Iran's deputy nuclear negotiator on Tuesday abruptly canceled a meeting with his EU counterpart, saying he was ill, European officials said.

Javad Vaidi of Iran announced the cancellation on the eve of planned talks between him and Robert Cooper, deputy to Javier Solana, the EU's foreign policy chief.

Vaidi and Cooper were seeking to fix a date and venue for a meeting in the Austrian capital between Solana and chief Iranian nuclear negotiator Saeed Jalili, with the Europeans pushing for such talks to take place by the weekend, said the officials, who demanded anonymity because their information was confidential.

Solana has been the EU's point man in engaging Iran in attempts to persuade Tehran to heed U.N. Security Council demands to suspend uranium enrichment, a technology that can be used to create uranium fuel for power plants and the fissile material of nuclear warheads. Iran says it seeks only to generate power. Fears that Tehran could opt to develop nuclear weapons once it has perfected its program have already led to two sets of Security Council sanctions.

But for more than two years, the Iranians have spurned offers carried by Solana of material and technical expertise and cooperation on civil atomic power projects in return for freezing enrichment.

Solana was to submit a report to the Security Council on his efforts. That, together with findings by the International Atomic Energy Agency on Tehran's nuclear activities that were forwarded to the council last week, will serve as the basis of deliberations among the five permanent council members on whether to impose a third set of sanctions to penalize the Iranian Republic for its nuclear defiance.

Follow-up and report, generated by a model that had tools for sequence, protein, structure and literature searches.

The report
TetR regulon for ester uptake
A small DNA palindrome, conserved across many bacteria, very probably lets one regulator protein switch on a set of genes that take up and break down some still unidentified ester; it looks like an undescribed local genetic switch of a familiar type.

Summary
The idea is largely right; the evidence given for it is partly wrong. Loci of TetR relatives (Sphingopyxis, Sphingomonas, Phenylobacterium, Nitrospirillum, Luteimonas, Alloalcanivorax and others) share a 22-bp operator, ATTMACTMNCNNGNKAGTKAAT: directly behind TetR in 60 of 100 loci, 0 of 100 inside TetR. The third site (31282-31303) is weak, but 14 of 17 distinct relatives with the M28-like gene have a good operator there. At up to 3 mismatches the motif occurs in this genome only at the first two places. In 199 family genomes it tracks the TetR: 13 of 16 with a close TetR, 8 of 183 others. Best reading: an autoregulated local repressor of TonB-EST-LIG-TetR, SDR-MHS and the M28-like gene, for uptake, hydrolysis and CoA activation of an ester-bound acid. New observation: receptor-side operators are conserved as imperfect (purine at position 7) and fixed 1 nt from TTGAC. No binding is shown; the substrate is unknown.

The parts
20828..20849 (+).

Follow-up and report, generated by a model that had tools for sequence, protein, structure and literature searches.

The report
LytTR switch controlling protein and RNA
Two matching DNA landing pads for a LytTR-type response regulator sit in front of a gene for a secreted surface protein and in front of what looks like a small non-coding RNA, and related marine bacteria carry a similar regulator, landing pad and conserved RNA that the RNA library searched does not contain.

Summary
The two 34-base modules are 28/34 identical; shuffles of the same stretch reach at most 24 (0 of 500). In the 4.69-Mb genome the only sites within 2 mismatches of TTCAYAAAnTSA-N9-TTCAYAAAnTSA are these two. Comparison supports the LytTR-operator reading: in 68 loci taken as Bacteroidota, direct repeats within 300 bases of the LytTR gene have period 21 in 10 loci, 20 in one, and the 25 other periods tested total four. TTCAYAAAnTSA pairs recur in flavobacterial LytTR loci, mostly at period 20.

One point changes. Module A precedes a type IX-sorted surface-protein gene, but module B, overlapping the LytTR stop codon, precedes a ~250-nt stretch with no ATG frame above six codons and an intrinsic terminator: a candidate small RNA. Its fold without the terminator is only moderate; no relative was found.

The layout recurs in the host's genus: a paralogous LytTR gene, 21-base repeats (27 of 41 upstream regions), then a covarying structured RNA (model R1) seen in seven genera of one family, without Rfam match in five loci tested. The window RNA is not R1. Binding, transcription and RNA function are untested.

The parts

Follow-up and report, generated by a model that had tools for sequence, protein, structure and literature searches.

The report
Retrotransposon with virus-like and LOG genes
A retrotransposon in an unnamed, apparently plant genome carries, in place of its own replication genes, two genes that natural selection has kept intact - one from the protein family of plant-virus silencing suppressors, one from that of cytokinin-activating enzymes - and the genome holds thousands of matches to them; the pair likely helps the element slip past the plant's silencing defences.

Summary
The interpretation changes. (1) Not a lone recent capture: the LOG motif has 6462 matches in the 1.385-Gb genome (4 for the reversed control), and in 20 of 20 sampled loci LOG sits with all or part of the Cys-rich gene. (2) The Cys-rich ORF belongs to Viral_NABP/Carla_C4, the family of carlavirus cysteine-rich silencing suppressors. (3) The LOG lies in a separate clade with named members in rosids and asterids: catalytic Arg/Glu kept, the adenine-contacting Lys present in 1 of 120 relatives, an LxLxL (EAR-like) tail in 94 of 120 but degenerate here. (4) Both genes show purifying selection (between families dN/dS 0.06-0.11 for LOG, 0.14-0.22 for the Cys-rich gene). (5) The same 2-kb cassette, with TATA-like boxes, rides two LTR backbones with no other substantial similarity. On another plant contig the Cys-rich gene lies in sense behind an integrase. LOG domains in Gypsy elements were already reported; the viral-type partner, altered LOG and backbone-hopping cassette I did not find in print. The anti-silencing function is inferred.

Solana had been seeking an early meeting with Jalili in part because of pressure from the United States, France and Britain, which are seeking new sanctions. Russia and China, the two other permanent council members, are reluctant to impose new penalties, saying there is still room for negotiations before such a move.

Solana earlier this month warned Tehran that time to cooperate was running out in the face of the Western push for new U.N. sanctions. But before Vaidi's cancellation was announced, European officials had said that the Iranians appeared to be dragging their feet on any new meeting between Solana and Jalili.

One of the officials told The Associated Press that it was possible that Vaidi was suffering from a "diplomatic sickness" — prompted by the need to further delay a decision on when such a meeting should occur — but it seemed more likely that he was truly sick. He spoke on condition of anonymity because he was not authorized to speak to the press.

A true test could occur later this week at a meeting of the IAEA's 35-nation board, that will focus on Iran and which Vaidi was scheduled to attend. His absence at such an important venue would indicate that he really is ill.

That meeting, opening Thursday, will review the IAEA report submitted to the Security Council last week and its findings that — while Tehran appeared to be cooperating more than ever with an agency probe of past suspicious activities — it was expanding enrichment instead of heeding Council demands to freeze it.